Baitcasting reels are toughest and provide more power for cranking in big fish. Look for a solid frame, tough gears and smooth casting, plus enough line capacity for the conditions you fish. The best models hold at least 160 yards of 30- to 50-pound monofilament.
Other gear you might need will include a cast-net for catching shad for bait, insect repellent, a good boat anchor, plenty of big hooks and heavy sinkers.
Few people fish more for the Mississippi's trophy catfish than does James Patterson of Bartlett, Tenn. The proprietor of Mississippi River Guide Service -- (901) 383-8674, www.bigcatfishing.com -- he's on the river near Memphis 100-plus days each year. One day in 1998, he reeled in two Mississippi blues weighing 62 and 65 pounds. His clients often catch the biggest cats of their career when accompanying Patterson on the big river.
"After you've found the cats with sonar, which is fairly easy, catching 100 to 300 pounds or more a day is very common," Patterson said. "The average size here is about 10 pounds, but 20- to 40-pounders are very common, and bigger cats come along often enough as well."
Patterson often uses one of two basic catfishing rigs: a three-way-swivel rig or a basic float rig. He described his procedure for assembling the three-way-swivel rig: "I use leaders of monofilament in a bright fluorescent green color. The 24- to 32-inch hook leader is 50-pound-test mono; the 6- to 10-inch sinker leader is 30-pound-test. I use Eagle Claw L-141 Kahle hooks with a Black Platinum finish, usually in the 7/0 size. Sometimes larger hooks are needed when using large baits. To complete the rig, the two leaders and the main line are each tied to a separate eye on a large three-way swivel."
Sinker size and type will vary according to the amount of current and the area being fished, but in most situations, Patterson uses a 3- or 4-ounce bank-sinker. "I sometimes add a small Styrofoam float onto my hook leader to float the live bait off the bottom," he said. "This is pegged a few inches above the hook."
Patterson's float rig consists of five basic components: a big balsa or Styrofoam slip float that will suspend an 8-ounce bait, a bobber stop, a 1/2- to 1-ounce egg sinker, a sturdy barrel swivel, and a 7/0 Kahle hook. The bobber stop goes on the line first and is positioned so that when the float abuts it the bait will suspend about a foot above the bottom. Next the float is added; below it, the egg sinker, and then the barrel swivel. Patterson then ties the 24-inch hook leader to the swivel.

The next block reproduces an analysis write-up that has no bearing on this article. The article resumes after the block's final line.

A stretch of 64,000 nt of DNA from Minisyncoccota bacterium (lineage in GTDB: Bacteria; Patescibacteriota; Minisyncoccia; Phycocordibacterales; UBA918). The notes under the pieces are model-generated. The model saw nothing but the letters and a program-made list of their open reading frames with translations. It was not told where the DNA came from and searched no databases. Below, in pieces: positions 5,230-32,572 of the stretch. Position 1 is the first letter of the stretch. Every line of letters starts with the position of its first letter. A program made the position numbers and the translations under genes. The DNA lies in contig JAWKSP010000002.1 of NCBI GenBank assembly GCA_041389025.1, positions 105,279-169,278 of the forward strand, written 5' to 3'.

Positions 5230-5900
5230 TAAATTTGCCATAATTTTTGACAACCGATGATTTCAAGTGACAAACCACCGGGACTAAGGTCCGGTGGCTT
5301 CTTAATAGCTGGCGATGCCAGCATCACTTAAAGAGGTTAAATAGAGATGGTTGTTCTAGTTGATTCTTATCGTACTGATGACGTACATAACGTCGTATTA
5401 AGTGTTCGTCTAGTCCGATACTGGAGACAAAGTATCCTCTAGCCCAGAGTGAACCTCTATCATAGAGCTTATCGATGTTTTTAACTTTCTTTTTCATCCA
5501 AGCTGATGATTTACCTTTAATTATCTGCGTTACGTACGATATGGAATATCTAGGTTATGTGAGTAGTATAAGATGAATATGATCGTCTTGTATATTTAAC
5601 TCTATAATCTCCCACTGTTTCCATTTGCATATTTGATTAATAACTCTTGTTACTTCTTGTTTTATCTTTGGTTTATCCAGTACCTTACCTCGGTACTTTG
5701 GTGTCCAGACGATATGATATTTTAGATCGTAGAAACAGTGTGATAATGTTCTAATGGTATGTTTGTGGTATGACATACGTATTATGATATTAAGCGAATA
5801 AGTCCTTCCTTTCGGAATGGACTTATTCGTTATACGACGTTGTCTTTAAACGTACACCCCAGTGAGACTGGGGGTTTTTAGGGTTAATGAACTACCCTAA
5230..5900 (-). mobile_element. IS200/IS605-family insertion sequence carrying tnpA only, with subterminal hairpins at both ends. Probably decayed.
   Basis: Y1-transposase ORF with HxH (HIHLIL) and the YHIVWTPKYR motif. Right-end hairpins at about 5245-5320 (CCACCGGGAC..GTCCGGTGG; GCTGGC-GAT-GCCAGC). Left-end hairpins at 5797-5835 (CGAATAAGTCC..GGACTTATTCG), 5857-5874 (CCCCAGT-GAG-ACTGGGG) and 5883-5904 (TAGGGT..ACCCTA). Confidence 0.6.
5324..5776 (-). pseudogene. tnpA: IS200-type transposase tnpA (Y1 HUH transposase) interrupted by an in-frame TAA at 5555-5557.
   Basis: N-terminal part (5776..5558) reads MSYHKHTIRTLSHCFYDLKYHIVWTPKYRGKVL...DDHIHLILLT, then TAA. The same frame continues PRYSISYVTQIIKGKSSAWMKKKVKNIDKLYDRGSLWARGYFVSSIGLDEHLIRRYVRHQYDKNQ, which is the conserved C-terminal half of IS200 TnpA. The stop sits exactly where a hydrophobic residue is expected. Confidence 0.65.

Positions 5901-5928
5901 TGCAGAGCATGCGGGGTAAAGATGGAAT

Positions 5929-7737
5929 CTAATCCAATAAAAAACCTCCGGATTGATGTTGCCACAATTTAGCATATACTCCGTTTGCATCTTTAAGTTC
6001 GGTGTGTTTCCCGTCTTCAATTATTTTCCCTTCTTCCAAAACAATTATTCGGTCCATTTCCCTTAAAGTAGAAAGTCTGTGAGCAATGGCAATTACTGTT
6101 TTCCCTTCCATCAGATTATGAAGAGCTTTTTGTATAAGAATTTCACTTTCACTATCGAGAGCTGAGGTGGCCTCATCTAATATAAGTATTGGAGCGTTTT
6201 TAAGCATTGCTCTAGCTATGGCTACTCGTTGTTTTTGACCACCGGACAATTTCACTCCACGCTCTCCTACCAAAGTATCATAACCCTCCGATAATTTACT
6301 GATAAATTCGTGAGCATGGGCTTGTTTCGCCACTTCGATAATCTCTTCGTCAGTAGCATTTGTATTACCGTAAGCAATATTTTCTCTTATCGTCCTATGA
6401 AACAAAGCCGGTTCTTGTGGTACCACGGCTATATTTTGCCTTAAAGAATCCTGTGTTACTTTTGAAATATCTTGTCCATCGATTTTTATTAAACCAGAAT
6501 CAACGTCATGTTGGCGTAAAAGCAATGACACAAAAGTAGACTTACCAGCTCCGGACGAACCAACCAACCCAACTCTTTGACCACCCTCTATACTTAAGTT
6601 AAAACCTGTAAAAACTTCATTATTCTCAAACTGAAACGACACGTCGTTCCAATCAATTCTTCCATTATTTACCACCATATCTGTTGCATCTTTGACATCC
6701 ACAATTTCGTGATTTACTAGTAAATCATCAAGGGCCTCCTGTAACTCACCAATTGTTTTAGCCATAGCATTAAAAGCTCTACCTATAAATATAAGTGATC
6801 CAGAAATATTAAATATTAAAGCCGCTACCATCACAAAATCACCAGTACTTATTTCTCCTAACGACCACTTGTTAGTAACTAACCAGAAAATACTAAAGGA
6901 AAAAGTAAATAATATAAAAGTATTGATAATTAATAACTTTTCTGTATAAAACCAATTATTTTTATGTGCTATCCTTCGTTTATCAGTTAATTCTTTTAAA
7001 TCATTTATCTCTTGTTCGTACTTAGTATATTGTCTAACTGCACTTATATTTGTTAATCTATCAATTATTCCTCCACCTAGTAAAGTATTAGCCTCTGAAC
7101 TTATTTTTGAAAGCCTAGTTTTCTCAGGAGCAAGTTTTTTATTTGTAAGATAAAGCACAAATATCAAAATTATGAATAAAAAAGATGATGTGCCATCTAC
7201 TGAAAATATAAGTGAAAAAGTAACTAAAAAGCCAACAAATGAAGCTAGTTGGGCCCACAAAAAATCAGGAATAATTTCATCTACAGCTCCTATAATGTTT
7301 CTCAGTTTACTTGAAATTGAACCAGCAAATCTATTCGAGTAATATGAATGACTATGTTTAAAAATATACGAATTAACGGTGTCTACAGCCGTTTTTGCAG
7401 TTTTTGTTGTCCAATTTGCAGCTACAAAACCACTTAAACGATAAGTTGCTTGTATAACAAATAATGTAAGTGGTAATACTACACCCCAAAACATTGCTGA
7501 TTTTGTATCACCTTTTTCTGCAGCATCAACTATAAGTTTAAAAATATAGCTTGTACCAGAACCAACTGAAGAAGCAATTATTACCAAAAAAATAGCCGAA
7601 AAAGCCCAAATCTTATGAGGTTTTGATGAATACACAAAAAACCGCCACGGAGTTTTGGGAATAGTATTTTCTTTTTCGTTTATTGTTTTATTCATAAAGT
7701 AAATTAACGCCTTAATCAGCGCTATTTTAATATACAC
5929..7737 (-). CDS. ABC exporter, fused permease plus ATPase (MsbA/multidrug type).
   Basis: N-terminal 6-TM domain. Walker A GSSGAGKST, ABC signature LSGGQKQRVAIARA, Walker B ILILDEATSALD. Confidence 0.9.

Blue cats, Patterson reports, often hold in holes near the river's many rock wing dikes, where the main river current is diverted into the channel, creating a big circular rotation in the water below these structures. These holes are often over 50 feet deep and are found using a sonar fishfinder.
"I don't fish the eddy part of the rotation," Patterson noted. "Instead, I fish the current along the edges. I find that catfish in eddy water are not active. Active cats are along the edges. I want to be anchored and fishing right along the edge of the eddy."
Shad and skipjack herring are Patterson's preferred blue cat baits. "I use live shad a lot," he said. "I locate them by sight or with a depthfinder, then throw a cast net over them. Cut skipjacks also are good bait." The latter he catches using Mustad Piscator rigs, which have multiple drop lines tipped with tiny fly-like lures that the skipjacks find irresistible.
The three-way-swivel rig described earlier is Patterson's standard blue cat-catcher. "I anchor above the hole I intend to fish," he said, "then cast to the spot and let the reel free-spool until the weight hits bottom; sometimes I'll have out 200 feet of line. Blues usually hit hard and quick, so rod holders are necessary if you fish more rods than you can hold."